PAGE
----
Aaronson Jeffrey - Biography
Identity and desire in the 21st century make up the core of this work. These photographs form a narrative about personas created to pursue the most basic of needs; love and intimacy.
In this ever-changing world of communication, the internet has put a new twist on the search for love, with personal ads transforming into modern day versions of the love letter. I delved into the notion of identity, by photographing those who posted self-advertisements on the web, sharing intimate details of their lives to a network of unknown web suitors. In a sense, their ads become a digital love letter; an anonymous shout to anyone who will listen. This genre of communication compelled me to explore the concept of how we imagine, and thus describe ourselves, versus how others perceive us.
This project began after reading several postings with idiosyncratic titles that piqued my interest. Headings like "Scary and Damaged," "Rock My Gypsy Soul" and "I Want More than Sex" quickly had me hooked, clicking ad after ad to see what the next person had to say about him or herself. Many of the ads seemed sincere and honest. Some were wonderful inventions of identity, while others involved degrees of fantasy. Subjects were selected in Denver, Dallas, Chicago and Las Vegas based purely on their words posted on the Internet. I purposely chose not to see their photographs before meeting them to create an element of surprise, to see if my mental picture of them would match the person who arrived at my studio for the sitting.
No direction was given to the subjects other than requesting that they wear their favorite shirt. The concept was for individuals to present themselves in their own way, as if being photographed for a prospective suitor. The composition is devoted almost entirely to the subjects face which often serves as a facade from which the soul peers out, and in the world of attraction carries much importance. Deliberately reducing the frame to the most elemental, perhaps an inner truth is revealed in the corner of a mouth, the lift of an eyebrow, or the dip of a shoulder.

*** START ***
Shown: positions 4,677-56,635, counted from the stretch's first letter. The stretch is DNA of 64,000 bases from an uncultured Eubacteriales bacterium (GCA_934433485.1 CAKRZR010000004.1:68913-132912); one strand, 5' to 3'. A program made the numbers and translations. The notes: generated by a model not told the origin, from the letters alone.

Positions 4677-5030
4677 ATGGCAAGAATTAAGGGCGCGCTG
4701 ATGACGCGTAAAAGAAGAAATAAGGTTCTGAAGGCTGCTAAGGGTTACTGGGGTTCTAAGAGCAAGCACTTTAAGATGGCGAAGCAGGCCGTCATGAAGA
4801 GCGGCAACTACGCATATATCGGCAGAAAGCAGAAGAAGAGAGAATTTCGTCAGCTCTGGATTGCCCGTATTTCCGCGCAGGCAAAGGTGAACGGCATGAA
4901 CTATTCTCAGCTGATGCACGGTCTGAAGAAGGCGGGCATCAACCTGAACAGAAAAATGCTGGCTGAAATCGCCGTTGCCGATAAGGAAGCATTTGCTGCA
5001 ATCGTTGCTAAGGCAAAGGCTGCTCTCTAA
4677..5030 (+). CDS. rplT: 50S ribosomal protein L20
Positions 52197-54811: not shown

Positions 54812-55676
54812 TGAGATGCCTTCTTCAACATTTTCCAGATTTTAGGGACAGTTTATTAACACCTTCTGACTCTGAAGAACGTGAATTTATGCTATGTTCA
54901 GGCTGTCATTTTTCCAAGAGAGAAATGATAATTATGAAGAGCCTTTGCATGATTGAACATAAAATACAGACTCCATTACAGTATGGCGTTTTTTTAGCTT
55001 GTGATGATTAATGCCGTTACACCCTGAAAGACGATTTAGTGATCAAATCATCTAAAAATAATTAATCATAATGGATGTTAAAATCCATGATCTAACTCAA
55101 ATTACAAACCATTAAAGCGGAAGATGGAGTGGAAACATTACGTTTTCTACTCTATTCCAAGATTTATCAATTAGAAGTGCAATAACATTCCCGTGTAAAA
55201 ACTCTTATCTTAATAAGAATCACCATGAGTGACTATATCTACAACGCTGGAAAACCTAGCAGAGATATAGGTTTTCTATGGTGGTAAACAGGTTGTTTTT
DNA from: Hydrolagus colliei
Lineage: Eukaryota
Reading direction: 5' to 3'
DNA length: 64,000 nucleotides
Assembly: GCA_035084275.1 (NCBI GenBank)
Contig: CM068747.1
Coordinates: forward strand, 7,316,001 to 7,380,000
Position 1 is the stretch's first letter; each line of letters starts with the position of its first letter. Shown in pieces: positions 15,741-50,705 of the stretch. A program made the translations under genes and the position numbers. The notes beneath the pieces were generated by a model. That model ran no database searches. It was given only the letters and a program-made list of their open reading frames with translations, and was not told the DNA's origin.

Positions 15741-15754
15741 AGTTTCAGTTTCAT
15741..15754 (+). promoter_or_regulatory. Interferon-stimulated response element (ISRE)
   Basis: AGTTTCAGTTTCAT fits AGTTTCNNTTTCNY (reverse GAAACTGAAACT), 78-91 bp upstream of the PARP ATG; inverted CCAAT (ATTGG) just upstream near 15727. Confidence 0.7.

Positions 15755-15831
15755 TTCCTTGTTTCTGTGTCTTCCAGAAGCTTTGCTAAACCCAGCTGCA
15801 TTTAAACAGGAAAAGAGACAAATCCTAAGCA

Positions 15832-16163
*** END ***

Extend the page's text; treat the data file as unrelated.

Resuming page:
Using a 20" x 24" Polaroid camera larger than my subjects and adding black side panels to envelope them, the sitting area became a confessional space, allowing each person privacy to reveal him or herself. The camera resolves extraordinary sharpness at the point of focus, in this case the eyes, resulting in prints which allow the viewer to experience a deeper connection. An additional layer was added to the work by having each person articulate his or her "advertisement" into a digital voice recorder just prior to the session. For some, the words came easily and were seductive while other rushed through, straining with a visceral discomfort. This recitation also helped to remind them about who they said they were and what they were seeking. Moments before creating the photograph, I whispered "Think about the person you want to meet" which brought their primal feelings to the surface.